The Three Steps of Spiritual Perfection
Many people believe that the purpose of religion is to prepare them for the life after death. Some Orthodox Christians believe that the Orthodox Faith has this exclusive purpose. They do not do much in this life, but they wait until they die, so when that time comes, they can go to Paradise, because when alive they were Orthodox Christians.
Another group are quite active in this life – they pray regularly, ask the priests to offer supplication [paraklesis] or holy unction prayers, attend church frequently, etc, so that God may help them to live a quiet and pleasant life, bless their business, help their children to succeed, etc.
Both these concepts about the ultimate function of Faith are wrong, as they do not have a common spiritual axis or centre of reference. The only true axis that maintains the coherence of the Orthodox Faith, and places everything on a correct footing is the axis of: Catharsis, Photismos, and Theosis.
Each of these come to fruition only with the help of the Holy Spirit.
- Catharsis [Κάθαρσις – Cleansing of the inner self]. This means rooting out: one’s passions (ie. sins done habitually, over time); defects of character; bad habits; evil thoughts; and, even the occasional evil deed or sentiment. Cleansing of one’s inner self is the task of the one who undertakes the procedure, although his spiritual father plays a significant part in it. In fact, the process cannot succeed without his active participation. It is the Grace of the Holy Spirit that completes the process.
- Photismos [Φωτισμός – Illumination of the mind]. This arises when the person is in a constant state of being conscious of the presence of God within himself, even when he may be asleep: “I slept, but my heart was awake” (Song of Solomon 5:21). The knowledge of God by the person is “empirical”, due to his personal experience.
- Theosis [Θέωσις – State of sainthood]. This is the condition which is given to those who live in a constant state of Photismos and who experience “Noetic Prayer” [ie. the Jesus Prayer]. Those in Theosis see the glory of God, commonly as God’s Uncreated Light, or some other vision. The experience may last only minutes or hours, in fact as long as God determines. All Saints belong to this category, and end up as friends of God.
The Fathers of the Church emphasise that what will happen to the person after death, depends upon the kind of life they lived whilst on earth. As this determines our eternal future, the Fathers insist that our earthly life should be dominated by Catharsis and a partial state of Photismos. When this is achieved, we will be able to see God, both in this life, and in the other to come.
This raises the question what is the purpose of Catharsis and Photismos? From the Orthodox theological viewpoint, whether one is Orthodox, Buddhist, atheist or whatever else, everyone will see the Glory of God at the common end of humankind during the Second Coming of Christ.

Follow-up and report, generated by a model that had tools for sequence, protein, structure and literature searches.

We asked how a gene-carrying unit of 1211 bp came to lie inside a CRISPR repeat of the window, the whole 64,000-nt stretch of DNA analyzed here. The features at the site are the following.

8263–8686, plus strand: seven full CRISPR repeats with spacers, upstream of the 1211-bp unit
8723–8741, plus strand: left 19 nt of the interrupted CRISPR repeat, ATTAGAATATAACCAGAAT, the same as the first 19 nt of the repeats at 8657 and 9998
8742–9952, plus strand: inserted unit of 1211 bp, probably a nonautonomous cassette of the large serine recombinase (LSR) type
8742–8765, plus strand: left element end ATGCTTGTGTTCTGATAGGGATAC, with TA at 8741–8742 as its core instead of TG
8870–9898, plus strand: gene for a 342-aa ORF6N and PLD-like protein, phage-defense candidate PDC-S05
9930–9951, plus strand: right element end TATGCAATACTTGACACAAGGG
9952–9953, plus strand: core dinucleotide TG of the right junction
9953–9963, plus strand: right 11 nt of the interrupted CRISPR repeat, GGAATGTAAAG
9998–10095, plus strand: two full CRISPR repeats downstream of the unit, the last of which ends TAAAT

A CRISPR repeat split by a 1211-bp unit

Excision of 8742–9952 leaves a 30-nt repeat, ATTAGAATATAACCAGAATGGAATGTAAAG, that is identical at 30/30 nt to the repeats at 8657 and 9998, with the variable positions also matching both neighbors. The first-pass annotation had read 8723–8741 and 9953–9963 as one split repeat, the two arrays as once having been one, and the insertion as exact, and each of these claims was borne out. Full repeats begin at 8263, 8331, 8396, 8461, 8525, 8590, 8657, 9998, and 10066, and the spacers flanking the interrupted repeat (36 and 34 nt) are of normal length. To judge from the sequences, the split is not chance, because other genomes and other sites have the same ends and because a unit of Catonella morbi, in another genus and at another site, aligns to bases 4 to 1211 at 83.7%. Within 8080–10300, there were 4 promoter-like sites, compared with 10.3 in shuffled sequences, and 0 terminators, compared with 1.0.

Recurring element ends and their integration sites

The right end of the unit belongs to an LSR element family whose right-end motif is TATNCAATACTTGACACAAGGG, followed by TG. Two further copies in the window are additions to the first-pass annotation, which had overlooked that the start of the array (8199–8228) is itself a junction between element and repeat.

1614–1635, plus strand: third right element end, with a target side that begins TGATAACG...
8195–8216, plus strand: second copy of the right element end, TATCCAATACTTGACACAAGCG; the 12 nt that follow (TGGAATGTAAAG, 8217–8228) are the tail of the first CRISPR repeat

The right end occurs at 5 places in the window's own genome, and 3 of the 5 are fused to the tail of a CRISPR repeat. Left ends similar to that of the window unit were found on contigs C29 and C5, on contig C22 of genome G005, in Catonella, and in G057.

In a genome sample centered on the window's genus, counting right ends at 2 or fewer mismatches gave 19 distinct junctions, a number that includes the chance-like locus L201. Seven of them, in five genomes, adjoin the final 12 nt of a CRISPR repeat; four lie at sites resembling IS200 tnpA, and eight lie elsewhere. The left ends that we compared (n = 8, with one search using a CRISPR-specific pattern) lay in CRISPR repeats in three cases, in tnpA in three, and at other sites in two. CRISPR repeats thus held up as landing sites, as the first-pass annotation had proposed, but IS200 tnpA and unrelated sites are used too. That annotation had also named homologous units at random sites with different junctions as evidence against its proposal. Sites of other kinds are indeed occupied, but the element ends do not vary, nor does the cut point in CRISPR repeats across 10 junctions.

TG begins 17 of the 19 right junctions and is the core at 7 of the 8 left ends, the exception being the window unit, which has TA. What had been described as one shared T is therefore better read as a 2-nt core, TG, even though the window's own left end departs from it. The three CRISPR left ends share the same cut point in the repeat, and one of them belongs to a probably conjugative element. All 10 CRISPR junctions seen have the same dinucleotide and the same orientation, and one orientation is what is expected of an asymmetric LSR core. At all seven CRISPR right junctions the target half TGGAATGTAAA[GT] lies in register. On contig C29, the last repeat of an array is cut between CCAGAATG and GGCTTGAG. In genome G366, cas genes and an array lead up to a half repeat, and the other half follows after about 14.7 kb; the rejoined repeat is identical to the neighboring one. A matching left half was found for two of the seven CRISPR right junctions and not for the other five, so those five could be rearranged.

Yes, everyone will see the Glory of God, but each one in a different way. Those who are saved will see it as “Light” which is soothing, pleasant and never ending. In contrast the condemned will see it as “Fire”, eternally burning and tyrannising “where their worm does not die, and the fire is not quenched” [Mk 9:44].
This event, which no human mind can possibly comprehend, has defined the work of the Church on earth. That is, preaching to the world that God is real. He will be seen by all men during the Second coming, and the Church works so that its members will see God as Light. The task and the agony of the Church is to prepare its members to see God as Light, which in fact is “a therapeutic process, which has to start and be completed in this life.” This dogma is the substance of the Orthodox Tradition, and the major task of the Orthodox Church.
For us, the above ideas are challenging. They bring to the fore that as Christians we have to make many sacrifices in our life. And yet these sacrifices can be made with the Power of and the Faith in Jesus Christ, as we accepted His word, that “he who hears my word and believes in Him who sent me, has everlasting life” [John 5:24]. This secures our future.
The present will be secured by the continuous presence of Jesus Christ in our daily life, having in mind His admonition, “The kingdom of heaven suffers violence, and the violent take it by force” [Μat 11:24]. This means that we need to work by being forceful on ourselves, and active in our life.
[Key article source: Romanidis J: Patristic Theology, Parakatathiki; 2004, pp46-48].
Source: Lychnos June – July 2021